Karabasan – The Night Jinn that Causes Paralysis

“Suddenly I opened my eyes and felt an incredible weight press against my chest. I tried to move, but to no avail. I couldn’t even draw a breath. And then I saw the creature sitting above me… I had never seen anything so ugly. I tried to I screamed, but no moan came out of my mouth. I began to pray in my mind to the Most High and in a moment everything was gone.”

If this experience sounds familiar to you, you are most likely one of the many who have experienced a similar phenomenon. Modern medicine defines it with the term sleep paralysis – an awake state of consciousness or sleep disturbance, which can be due to fatigue, experienced stress, irregular sleep or the presence of psychological and physiological disorders.

Karabasan Jinn - Karabasan – The Night Jinn that Causes Paralysis

Undoubtedly, under the influence of such factors, one can face this phenomenon. Folk tradition and belief, however, give an entirely different explanation for its nature, associating it with an attack by demonic creatures. It is precisely this perception that I will address here, referring to the legends and numerous accounts of unexplained nocturnal visitors.

In the folklore of different peoples, the spirits that attack sleeping people are called by different names. In Russia – kikimora, In Croatia – moritsa, In Japan – kanashibari, and in England – The Old Witch. In Turkish and Middle Eastern folklore, they are defined as harmful jinn, mostly known as karabasan and kabus (nightmare), and in Egypt and Morocco called al-jathoom (night visitor) and boratat (the one who presses you).

The most famous is the karabasan – literally black pressure, which is an evil spirit or genie that hovers over a person while he sleeps, causing him nightmares, feeding on his fears. It is believed that these creatures can also be deadly, and some people dying in their sleep are said to have fallen victim to their wrath. The verb karabasmak is used for dreaming nightmares that cause disease states, and in Mongolian harakh/karah and the word khargah share a root meaning curse.

Turkish folklore mentions the karabasta or karabasu, which also translates as black squeeze, and is described as a creepy-looking creature that causes terrible visions. This name also refers to dreams that appear to be real, and is used as a phrase for seeing a ghost. Sometimes it is also associated as a cause of death of women in childbirth. In the Azerbaijani language, a synonym for ghost is karabasma.

Similar in etymology are kamos and karakura. In the regions around Harput (Elyazug) kamos or kapos is called a malevolent spirit causing nightmares. It attacks those who sleep alone, pressing with all its weight on their chests and thus paralyzes them and can even kill them. According to various legends, the creature appears as a large monster or resembles a dwarf that roams at night and always wears a hat on its head. It is believed that if it is stolen from him, it will turn into gold in an instant. Some claims describe a kamos incarnated as a black cat that dries up the veins of its victims by drinking their blood. It is interesting that kabus (nightmare) and kamos are close in sound.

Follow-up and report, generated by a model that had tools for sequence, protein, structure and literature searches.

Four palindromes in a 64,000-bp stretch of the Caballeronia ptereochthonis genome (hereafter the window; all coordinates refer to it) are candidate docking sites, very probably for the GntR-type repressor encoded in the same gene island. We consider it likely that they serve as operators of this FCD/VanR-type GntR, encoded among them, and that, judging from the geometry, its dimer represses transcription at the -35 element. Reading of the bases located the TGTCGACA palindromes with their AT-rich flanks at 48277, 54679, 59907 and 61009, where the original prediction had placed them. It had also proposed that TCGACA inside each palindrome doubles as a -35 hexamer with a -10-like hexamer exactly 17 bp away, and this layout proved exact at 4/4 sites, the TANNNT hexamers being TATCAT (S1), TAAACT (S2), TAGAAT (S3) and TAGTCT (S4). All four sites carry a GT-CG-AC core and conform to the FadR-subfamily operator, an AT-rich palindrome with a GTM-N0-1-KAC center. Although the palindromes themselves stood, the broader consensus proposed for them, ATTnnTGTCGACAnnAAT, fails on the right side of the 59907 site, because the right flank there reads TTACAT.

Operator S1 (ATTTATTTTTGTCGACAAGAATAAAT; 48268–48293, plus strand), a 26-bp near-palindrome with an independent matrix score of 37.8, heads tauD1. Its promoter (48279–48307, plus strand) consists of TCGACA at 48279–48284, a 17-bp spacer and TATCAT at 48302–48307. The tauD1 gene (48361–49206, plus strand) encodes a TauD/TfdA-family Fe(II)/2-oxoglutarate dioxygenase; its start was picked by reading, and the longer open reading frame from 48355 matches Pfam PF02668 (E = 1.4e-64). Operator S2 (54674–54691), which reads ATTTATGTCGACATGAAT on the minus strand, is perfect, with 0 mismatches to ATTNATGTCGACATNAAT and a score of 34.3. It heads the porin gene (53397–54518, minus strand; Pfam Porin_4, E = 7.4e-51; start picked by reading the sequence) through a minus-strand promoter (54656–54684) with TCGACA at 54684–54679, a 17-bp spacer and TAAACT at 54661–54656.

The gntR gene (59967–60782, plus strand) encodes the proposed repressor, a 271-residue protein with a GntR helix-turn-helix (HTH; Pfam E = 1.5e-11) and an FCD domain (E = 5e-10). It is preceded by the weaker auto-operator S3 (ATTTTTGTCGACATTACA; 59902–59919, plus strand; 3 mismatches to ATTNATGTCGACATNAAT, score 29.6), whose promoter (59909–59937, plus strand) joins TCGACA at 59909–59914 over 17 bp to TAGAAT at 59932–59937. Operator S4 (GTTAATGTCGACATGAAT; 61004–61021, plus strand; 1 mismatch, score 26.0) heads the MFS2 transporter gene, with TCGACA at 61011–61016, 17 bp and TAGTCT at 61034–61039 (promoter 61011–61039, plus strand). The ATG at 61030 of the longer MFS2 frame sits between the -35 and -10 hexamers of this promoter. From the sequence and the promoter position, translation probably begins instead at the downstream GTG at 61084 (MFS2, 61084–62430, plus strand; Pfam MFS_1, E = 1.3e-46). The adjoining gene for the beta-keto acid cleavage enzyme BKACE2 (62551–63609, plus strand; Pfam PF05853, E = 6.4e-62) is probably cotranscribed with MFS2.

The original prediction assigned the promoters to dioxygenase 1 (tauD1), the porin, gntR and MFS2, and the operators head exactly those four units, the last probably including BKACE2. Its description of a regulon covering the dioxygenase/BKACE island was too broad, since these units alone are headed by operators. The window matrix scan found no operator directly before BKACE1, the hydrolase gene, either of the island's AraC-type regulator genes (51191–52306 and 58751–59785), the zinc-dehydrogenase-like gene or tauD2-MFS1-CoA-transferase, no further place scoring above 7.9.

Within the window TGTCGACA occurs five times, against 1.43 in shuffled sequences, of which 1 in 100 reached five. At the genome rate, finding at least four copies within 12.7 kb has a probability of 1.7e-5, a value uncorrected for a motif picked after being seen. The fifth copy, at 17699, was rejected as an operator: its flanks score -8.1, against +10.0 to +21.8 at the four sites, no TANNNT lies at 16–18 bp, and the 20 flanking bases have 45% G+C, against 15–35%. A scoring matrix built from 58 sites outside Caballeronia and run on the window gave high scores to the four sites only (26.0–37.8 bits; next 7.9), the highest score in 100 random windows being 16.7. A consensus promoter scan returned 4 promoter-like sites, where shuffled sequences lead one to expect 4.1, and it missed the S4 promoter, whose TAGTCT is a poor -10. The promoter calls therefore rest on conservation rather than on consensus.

Anatolian folk tradition defines caboose as a genie that has no definite form and frightens people in their dreams by sending them terrible nightmares and fears. It moves silently like a cat and can abduct the sleeping, and those attacked cannot breathe while under its grip. He is afraid of daylight and at sunrise he cannot move. According to some assumptions, its origin is associated with a strangling spirit from the mythology of Moab and Assyria.

In local Turkish beliefs, karakura is the name of a disembodied evil spirit that is quiet and silent and carries with it the lungs of women in labor. They also scare naughty children with it. In the regions of Erzurum and Erzincan, it is believed to steal the lungs of its victims by sending them terrifying nightmares and suffocating them. It is said in Konya that this creature looks like a goat, but is as light as a cat and suffocates the sleeper by sitting on his chest. However, when sunrise comes, karakura cannot move. Then he can be captured and become a servant of his master. It is believed to visit beds where there are crumbs scattered around, so eating bread near the bedding should be avoided. The same interpretation is also found in the Sivas region, but there karakura is called by the name elkishave.

There are various beliefs and ways to protect against the attacks of night visitors in the form of specific prayers, amulets or protective actions. To ensure a restful and safe night, recite Ayat Al-Kursi 7 times before going to bed. Another known method involves sprinkling water and vinegar in rooms and around beds, or placing a large iron object under the bed to prevent the evil spirit from passing through. An interesting belief states that people who often suffer from such attacks should keep a large needle (sponge) under their pillow. When the uninvited guest looms in the night, if the attacked manages to muster up the strength and grab the needle by sticking it into the creature, it will jump to the ground and begin to frighten him, turning into various scary shapes, but he will not be able to escape. As morning comes, it will assume the form of a dwarf and be under human control.©

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